I look at my schedule for the day and see a new patient listed for an “implant consultation.” During our morning meeting, I ask my office manager for more information about her.
“Apparently she already had an implant placed and she wants to know how much it will cost to restore it,” says my office manager.
I’m already a bit concerned. I’m wondering why this patient has an implant but no restorative dentist. I’m wondering why the surgeon who placed the implant didn’t refer her to someone directly. Where is the treatment plan? Do I really want to inherit this responsibility?
I meet with the patient and discover that the implant was placed about a year ago. In Turkey.
Now I certainly don’t have a problem with Turkish dentists. I don’t have a problem with dentists from any country. My problems are the following:
(1) The patient had traveled to Turkey to save money on the procedure. That means she probably just wants the cheapest approach to restoring her implant, not necessarily the best approach.
(2) Not only have I never me the implant surgeon, I have no way of communicating with him to discuss the case.
My first concern was confirmed immediately. She wanted to know how much it would cost to restore the implant before I even had an opportunity to examine her.
I explained to her that I can’t know the fee until I at least know the angulation of the implant.
“The surgeon told me the implant angle was perfect!” she said.
Of course he did… of course he did. If I never had any follow up on any of my patients, I’d be convinced my work was perfect, too.
I explained about screw-retained versus cement-retained crowns and how the angulation requirements can be different. I explained about the plane of occlusion and the potential need to adjust opposing dentition in the case of supraeruption. I rattled off a half dozen other perfectly good reasons explaining why I needed to conduct a basic examination before I could give a fee. We’re already off to a bad start.
So here’s the periapical radiograph:
Uh oh. That’s some decent distal angulation we’ve got there. That could leave unsupported porcelain on the mesial if we’re not careful. But it’s not the end of the world just yet. But it also gives me an idea about this other dentist’s definition of “perfect.” I won’t be able to fully appreciate the buccal-lingual angulation until I fit an impression coping, which I don’t have available.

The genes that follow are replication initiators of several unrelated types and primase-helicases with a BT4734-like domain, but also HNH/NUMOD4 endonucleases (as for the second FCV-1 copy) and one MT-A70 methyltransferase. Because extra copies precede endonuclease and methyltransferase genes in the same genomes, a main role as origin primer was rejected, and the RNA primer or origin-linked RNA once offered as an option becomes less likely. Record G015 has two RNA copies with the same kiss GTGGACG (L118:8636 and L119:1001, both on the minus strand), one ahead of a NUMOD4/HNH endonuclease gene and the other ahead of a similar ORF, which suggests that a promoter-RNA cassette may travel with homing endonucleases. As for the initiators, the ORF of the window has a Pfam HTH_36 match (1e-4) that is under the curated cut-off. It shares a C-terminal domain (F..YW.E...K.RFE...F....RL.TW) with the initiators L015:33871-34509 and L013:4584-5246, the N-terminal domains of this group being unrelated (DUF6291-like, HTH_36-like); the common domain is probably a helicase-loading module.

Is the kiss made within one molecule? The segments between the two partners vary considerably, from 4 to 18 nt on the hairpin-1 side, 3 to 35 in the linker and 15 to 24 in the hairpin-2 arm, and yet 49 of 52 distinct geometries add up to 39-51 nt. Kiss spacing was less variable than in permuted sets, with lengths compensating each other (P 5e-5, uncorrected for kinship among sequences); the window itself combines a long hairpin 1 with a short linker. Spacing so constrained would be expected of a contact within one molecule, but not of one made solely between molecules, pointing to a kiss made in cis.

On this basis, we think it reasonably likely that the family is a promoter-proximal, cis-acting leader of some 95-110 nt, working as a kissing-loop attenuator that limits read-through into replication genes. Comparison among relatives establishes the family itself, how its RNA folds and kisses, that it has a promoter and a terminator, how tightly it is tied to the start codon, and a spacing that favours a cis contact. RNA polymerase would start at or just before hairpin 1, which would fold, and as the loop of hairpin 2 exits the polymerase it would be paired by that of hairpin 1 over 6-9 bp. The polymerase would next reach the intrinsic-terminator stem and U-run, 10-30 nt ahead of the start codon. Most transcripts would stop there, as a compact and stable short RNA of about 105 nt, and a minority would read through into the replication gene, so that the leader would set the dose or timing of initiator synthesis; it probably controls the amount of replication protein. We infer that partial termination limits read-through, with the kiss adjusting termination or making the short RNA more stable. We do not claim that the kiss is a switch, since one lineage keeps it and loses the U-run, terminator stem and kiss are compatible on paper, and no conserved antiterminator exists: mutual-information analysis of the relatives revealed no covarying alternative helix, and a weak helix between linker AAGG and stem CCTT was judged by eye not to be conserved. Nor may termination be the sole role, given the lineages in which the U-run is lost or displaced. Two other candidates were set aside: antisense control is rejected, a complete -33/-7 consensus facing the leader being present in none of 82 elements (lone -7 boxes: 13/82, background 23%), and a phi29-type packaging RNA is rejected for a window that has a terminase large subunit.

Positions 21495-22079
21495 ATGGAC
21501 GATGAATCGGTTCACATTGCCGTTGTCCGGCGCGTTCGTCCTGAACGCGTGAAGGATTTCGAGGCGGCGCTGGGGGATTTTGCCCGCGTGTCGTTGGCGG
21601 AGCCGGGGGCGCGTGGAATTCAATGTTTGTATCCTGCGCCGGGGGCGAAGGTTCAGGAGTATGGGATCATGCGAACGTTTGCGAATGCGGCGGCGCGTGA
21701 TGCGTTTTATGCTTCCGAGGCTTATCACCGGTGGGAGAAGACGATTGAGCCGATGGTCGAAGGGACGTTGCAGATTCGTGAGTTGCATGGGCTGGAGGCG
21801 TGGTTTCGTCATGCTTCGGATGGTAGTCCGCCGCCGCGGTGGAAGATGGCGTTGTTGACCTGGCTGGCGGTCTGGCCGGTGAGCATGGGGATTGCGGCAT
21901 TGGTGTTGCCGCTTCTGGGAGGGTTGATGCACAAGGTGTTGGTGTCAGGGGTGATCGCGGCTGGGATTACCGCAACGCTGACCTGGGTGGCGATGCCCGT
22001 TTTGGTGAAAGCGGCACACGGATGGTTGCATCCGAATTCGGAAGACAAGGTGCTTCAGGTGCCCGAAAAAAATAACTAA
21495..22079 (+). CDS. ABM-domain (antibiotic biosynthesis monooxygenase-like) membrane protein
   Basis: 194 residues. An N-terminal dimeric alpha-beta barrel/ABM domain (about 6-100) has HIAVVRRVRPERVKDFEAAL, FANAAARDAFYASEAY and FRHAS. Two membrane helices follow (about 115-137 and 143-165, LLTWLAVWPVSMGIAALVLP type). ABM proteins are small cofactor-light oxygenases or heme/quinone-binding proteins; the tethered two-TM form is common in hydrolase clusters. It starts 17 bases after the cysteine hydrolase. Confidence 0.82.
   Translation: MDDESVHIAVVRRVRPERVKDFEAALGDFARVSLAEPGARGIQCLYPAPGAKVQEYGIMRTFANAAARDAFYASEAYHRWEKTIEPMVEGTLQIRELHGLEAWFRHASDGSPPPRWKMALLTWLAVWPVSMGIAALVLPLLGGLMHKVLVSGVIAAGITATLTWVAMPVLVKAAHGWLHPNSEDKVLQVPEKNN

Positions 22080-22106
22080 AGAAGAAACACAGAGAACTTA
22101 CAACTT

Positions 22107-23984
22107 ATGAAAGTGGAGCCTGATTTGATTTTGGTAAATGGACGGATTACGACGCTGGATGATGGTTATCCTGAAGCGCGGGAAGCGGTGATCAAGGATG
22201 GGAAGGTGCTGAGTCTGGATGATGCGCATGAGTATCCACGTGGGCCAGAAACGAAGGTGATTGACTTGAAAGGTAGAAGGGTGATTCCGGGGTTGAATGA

What do you do when a new patient already has implants placed without your input? Here’s what I do:
(1) I explain what my fees are for my diagnostics: exam, radiographs, and study models of the implant impression. I will need all of this information to determine the fee since I wasn’t involved in the original treatment plan. Once I know what will be involved in restoring the implant (abutment type, occlusal corrections, etc), I present my fee. If the patient thinks my fee is too high, I’ll hand them the radiographs and the study models and wish them well. They have the freedom to take the diagnostic information they paid for to another dentist.
(2) If the patient is too demanding and unreasonable, I refuse to treat them. Even if the case looks straight forward. Even if the case could generate some nice revenue for the office.
Once we finished our conversation, she agreed to come back for another visit to take an implant impression. Again, I haven’t agreed to restore the implant yet; I need to look at study models to figure out the appropriate implant fee and do a comprehensive exam to see what other needs exist. For example, we can see from the radiograph that she needs a crown on # 29.
Before she got out of the chair, she asked me to look at one more thing. She was having some pain on a bridge on the upper left. Here’s the periapical radiograph:
Somebody call Guinness World Records.
For those of you keeping track, that’s a six-unit bridge cemented on a canine and a third molar. Wow.
Who did that bridge? The same Turkish dentist, of course. She didn’t want a removable option and she didn’t want to pay for all the implants that would be necessary, so she finally found someone to make her the longest bridge I’ve ever seen.
Here’s a rule of thumb. If the span between two abutments is so long that it can’t fit on a single radiograph: your bridge is too long.
Here’s a more popular rule of thumb: Ante’s Law. This is the Anti-Ante’s Law.
Her mild pain was coming from the cuspid and was elicited during function. She wanted me to take off the bridge and make a new one.
My reaction looked something like this:
"You want me to do WHAT?"
I refused. I told her the only way I would take that bridge off is if we were treatment planning her for implants or for a removable partial denture. She left and I never saw her again.